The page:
You mentioned your favorite RetroSupply product(s) is Organic Line work Brush, Organic Scatter. Can you share what you like most about it? How do you prefer to use it? Please be specific.

Retro Supply vector brushes helped me add texture, interest and even patina to my designs. More so than I ever had been able to achieve on my own.

I was spending lots of time scanning textures before I became a Retro Supply devotee. The shader and scatter brushes help me work in vector software but create an illustration with a much more tactile result.

I use them under my drawings as a base texture and to add dimension in shading too. Sometimes I just add a subtle splatter to make the artwork look like it has had a previous life in the attic. Oh, and I have found many of Retro Supply brushes that make great snow!

Our readers love to hear about specific techniques that great illustrators and designers use. Can you share one of your favorite techniques?

I guess the most important technique I can share is ... When you think you are done, walk away.

Print out the design, stick it up where you can see it for a few days. Then you will begin to see things you didn't see before or opportunities to make the artwork stronger.

Resist the temptation to over work it, maybe even simplify it. Like I was always told in fashion, when you think your outfit is perfect, just before you walk out the door - take one thing off. Less can be more. Or maybe not. Sometimes you need a hat.

Cards from The Retro Christmas Card Company

What advice would you give to other designers and illustrators to help them stand out in such a crowded field?

As I said, be more than enthusiastic the style you are developing. Maintain a scrappy attitude to put in the hours and hours to get it right.

I know it can be especially tough out there freelancing with the rent due. But even if you must waiver your style in the 9-5 grind, be true to yourself in your personal work. One day you will have the opportunity to take that personal work and build something all your very own.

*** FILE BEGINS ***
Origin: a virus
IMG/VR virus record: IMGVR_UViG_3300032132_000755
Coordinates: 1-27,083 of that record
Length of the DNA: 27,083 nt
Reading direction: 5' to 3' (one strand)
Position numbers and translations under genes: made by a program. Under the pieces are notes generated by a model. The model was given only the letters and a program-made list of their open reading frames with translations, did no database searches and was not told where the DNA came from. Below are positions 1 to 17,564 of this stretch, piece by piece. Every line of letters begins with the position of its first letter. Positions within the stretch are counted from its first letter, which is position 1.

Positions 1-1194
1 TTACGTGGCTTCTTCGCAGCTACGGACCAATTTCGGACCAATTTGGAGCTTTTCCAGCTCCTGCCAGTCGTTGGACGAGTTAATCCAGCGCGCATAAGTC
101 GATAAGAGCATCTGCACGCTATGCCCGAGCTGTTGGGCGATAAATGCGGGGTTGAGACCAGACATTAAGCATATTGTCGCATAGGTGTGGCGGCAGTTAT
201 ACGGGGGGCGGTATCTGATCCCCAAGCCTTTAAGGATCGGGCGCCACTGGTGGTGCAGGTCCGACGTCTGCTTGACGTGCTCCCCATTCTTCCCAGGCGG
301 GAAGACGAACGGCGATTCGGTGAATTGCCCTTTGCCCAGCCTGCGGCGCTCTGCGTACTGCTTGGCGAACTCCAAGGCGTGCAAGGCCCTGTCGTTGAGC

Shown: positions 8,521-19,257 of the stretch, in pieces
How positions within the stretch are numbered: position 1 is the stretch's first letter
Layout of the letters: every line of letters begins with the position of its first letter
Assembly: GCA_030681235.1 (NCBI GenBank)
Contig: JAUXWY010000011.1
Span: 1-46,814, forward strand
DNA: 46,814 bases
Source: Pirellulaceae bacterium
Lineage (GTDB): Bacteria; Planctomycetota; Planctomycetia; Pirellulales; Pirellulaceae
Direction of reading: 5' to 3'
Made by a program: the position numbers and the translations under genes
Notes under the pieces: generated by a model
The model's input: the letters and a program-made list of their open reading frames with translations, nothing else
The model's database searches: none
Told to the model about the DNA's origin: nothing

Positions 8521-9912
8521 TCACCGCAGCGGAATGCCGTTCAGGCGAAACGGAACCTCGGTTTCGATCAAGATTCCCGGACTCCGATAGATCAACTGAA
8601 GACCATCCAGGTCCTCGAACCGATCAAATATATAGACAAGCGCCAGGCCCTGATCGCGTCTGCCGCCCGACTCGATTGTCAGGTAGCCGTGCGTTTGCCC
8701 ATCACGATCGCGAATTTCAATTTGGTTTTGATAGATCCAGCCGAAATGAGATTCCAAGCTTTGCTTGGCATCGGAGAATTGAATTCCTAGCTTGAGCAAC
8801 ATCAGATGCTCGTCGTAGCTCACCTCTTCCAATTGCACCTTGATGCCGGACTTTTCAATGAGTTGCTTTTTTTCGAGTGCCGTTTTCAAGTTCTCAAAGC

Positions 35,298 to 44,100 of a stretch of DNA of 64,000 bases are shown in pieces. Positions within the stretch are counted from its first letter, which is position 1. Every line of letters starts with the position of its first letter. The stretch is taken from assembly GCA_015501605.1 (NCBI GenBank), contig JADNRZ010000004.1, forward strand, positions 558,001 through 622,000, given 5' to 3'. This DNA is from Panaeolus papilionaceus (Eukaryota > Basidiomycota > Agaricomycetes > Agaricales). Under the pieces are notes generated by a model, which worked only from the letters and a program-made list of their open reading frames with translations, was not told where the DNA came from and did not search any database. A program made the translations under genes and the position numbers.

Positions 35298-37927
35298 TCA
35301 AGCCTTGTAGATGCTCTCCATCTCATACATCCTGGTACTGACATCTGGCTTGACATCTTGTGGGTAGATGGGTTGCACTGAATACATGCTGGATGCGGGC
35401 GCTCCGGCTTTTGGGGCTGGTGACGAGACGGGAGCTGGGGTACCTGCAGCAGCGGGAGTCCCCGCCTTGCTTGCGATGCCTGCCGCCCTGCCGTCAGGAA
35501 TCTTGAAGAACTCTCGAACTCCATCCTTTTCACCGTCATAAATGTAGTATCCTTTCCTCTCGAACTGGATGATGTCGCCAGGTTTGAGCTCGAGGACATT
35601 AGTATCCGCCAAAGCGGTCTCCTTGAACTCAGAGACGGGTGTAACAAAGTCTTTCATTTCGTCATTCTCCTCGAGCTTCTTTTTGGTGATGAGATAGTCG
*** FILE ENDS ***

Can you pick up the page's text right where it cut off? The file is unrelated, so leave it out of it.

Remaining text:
What advice would you give to other designers and illustrators to get more work?

Things change constantly in this field. I would have to say to stay true to your style and stay connected to the people that will appreciate what you are doing.

Show your stuff to the right folks that have a need for what you are good at. Find a niche that has a need. If you can share that niche and build your own work around it, you may be able to create a future for yourself.

Cards from The Retro Christmas Card Company

Thanks, Diane, for taking the time to share a little bit about your story and work. Anything else you'd like to share with us?

When I started The Retro Christmas Card Company, I was mainly focused on my boutique ad agency Diane Dempsey Design Studio.

The whole Retro Christmas Card thing was a fun hobby that my husband and I did for a lark. That was 13 years ago. Now The Retro Christmas Card Company is how I make my living. People said, "'s just Christmas, it's seasonal at best..." and "...You cannot just do vintage style artwork, you won't be able to make a living".

Come to find out, people love Christmas year 'round, and yes "Virginia", you can make a living at focusing on what you happen to do best.

I invite you to stop over and visit us at The Retro Christmas Card Company. Keep the Christmas card sending tradition alive and not let it fall into history. Come by to see my work and catch the Christmas spirit. Cheers!

Diane Dempsey of The Retro Christmas Card Company

About the Designer

Diane Dempsey is an illustrator, designer, and entrepreneur. She is the founder of The Retro Christmas Card Company. The company provides retro and vintage Christmas cards designed to invoke nostalgia and good memories. Learn more at The Retro Christmas Card Company or follow them on Facebook.